Democrat Eliot Spitzer has tackled illegal trading on Wall Street and fraudulent deals in the insurance industry and sued the federal government to force environmental protections in his nearly eight years as attorney general.
The five people trying to replace Spitzer all say they’ll do the same, a strategy that wins approval from voters.
“I think Spitzer has done a good job,” said Charles Marshall, 71, a retired engineer and registered Republican. “Whoever it is that follows him should be as aggressive as he has been in protecting the public.”
Four Democrats will square off in a primary Sept. 12 for the right to face Republican Jeanine Pirro in the race for the state’s top law enforcement job.
Under Spitzer, who’s running for governor, the office and its hundreds of lawyers has taken a more active role on many fronts, from antitrust cases and consumer fraud to the enforcement of environmental regulations.
Spitzer’s main weapon has been the Martin Act, put on the books in 1921 to curb fraudulent investment advice. The state law has more teeth than federal statutes governing big Wall Street firms and other states’ securities laws because it lets New York’s attorney general get convictions without proving criminal intent and gives him broad powers to subpoena documents and question witnesses.
“Anyone from any industry who gets a call from Spitzer’s office knows he’s not going to be afraid to litigate,” said Alicia Oullette, a professor at Albany Law School who worked in the attorney general’s office under Spitzer and Republican Dennis Vacco. “Spitzer is much more of a consumer advocate and he’s done it on all sorts of fronts. He has greatly expanded the importance of the attorney general’s office.”
In New York, the attorney general still primarily serves as the state’s legal officer, prosecuting actions on behalf of the state, defending it against lawsuits and defending the constitutionality of state laws.
Whoever wins in November will have great leeway in shaping the office. Past attorneys general, including Robert Abrams, have focused on consumer complaints and environmental law. Others, such as Vacco, have tried to steer the office more toward law enforcement that has traditionally been handled by local district attorneys.
Past officeholders say the best qualification for the job is being a top-notch lawyer and a good manager, able and willing to delegate authority to lawyers specializing in areas he or she might be unfamiliar with.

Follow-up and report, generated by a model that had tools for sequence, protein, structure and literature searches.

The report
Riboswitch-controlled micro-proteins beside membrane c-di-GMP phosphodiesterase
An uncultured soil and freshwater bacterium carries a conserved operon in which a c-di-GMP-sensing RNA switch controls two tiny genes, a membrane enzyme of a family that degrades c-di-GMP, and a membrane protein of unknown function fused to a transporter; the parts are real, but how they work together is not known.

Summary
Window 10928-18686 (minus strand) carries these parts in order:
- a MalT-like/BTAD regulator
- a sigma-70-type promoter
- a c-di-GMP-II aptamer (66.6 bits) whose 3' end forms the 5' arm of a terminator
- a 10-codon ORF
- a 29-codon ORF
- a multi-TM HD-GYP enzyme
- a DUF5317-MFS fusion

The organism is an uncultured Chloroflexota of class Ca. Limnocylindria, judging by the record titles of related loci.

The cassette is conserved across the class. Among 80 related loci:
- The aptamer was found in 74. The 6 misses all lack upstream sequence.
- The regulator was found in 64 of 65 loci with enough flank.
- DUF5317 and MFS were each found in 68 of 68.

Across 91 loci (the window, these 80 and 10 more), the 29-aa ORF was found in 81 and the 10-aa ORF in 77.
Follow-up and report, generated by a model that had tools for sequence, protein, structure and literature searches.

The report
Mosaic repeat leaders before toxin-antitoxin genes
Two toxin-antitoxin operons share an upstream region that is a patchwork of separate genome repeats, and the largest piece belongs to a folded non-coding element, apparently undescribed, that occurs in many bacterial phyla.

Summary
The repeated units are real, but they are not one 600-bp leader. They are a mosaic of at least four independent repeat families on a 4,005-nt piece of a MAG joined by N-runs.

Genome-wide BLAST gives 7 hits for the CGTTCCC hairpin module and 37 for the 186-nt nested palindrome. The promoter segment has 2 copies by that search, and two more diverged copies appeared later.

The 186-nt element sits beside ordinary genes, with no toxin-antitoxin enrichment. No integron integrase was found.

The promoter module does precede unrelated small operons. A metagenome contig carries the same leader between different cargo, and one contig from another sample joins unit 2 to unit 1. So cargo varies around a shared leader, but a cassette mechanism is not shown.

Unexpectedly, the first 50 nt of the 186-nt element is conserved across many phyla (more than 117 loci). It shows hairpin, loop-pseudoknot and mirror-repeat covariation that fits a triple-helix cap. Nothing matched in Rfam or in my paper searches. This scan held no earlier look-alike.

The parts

“It’s like running a general law office representing a huge corporation,” said G. Oliver Koppell, who served as interim attorney general in 1994. “You’re not going to do all of these cases yourself. The law has become so complex, with so many varying areas, I don’t think every lawyer can do every legal task.”
Still, Vacco said having prosecutorial experience will help.
“Even Eliot Spitzer, before taking office, his significant career background was as an assistant district attorney,” Vacco said. “That prosecutorial experience of making judgments, weighing facts, making tough decisions” is needed.
“I think that the current attorney general would even argue that what he did on Wall Street and the types of judgments he needed to make, those are similar to the judgments prosecutors make every day,” Vacco said.
The candidates include:
• Republican Jeanine Pirro served as Westchester County district attorney from 1994 to 2005. As a district attorney overseeing 120 prosecutors and 120 other staffers, Pirro launched a series of Internet stings targeting pedophiles and child pornographers. Pirro served as a county court judge for eight years and was an assistant district attorney before that.
• Democrat Andrew Cuomo cites his oversight of the federal Department of Housing and Urban Development as his primary experience. Under President Clinton, Cuomo ran an agency with thousands of employees and hundreds of lawyers that brought numerous lawsuits targeting corruption and anti-fair housing practices. Cuomo also served as an assistant district attorney in Manhattan. He unsuccessfully ran for governor in 2002.
• Democrat Mark Green served as New York City’s consumer affairs advocate from 1990 to 1993, leading a 340-person agency that licenses businesses and prosecutes businesses for fraudulent practices. He was later elected New York City’s first public advocate. Green also worked as Ralph Nader’s top aide in Washington and ran Congress Watch, a consumer lobbying group. Green lost to Republican Michael Bloomberg in the 2001 New York City mayoral race.
• Democrat Charlie King served as a housing official in the Clinton administration, overseeing the New York and New Jersey region for the Department of Housing and Urban Development. In 2004, King sued New York City school district under the federal No Child Left Behind law, winning a settlement in the case that allows up to 4,000 children to transfer out of failing schools. He ran for lieutenant governor as Cuomo’s running mate four years ago
• Democrat Sean Patrick Maloney served as staff secretary to President Clinton for three years, overseeing a 100-person staff and the president’s daily workload. He later was the chief operating officer of Kiodex Inc., a company that provides risk management to the commodities derivatives markets. He now works as an attorney hired by companies and other entities to run investigations into financial and legal matters.
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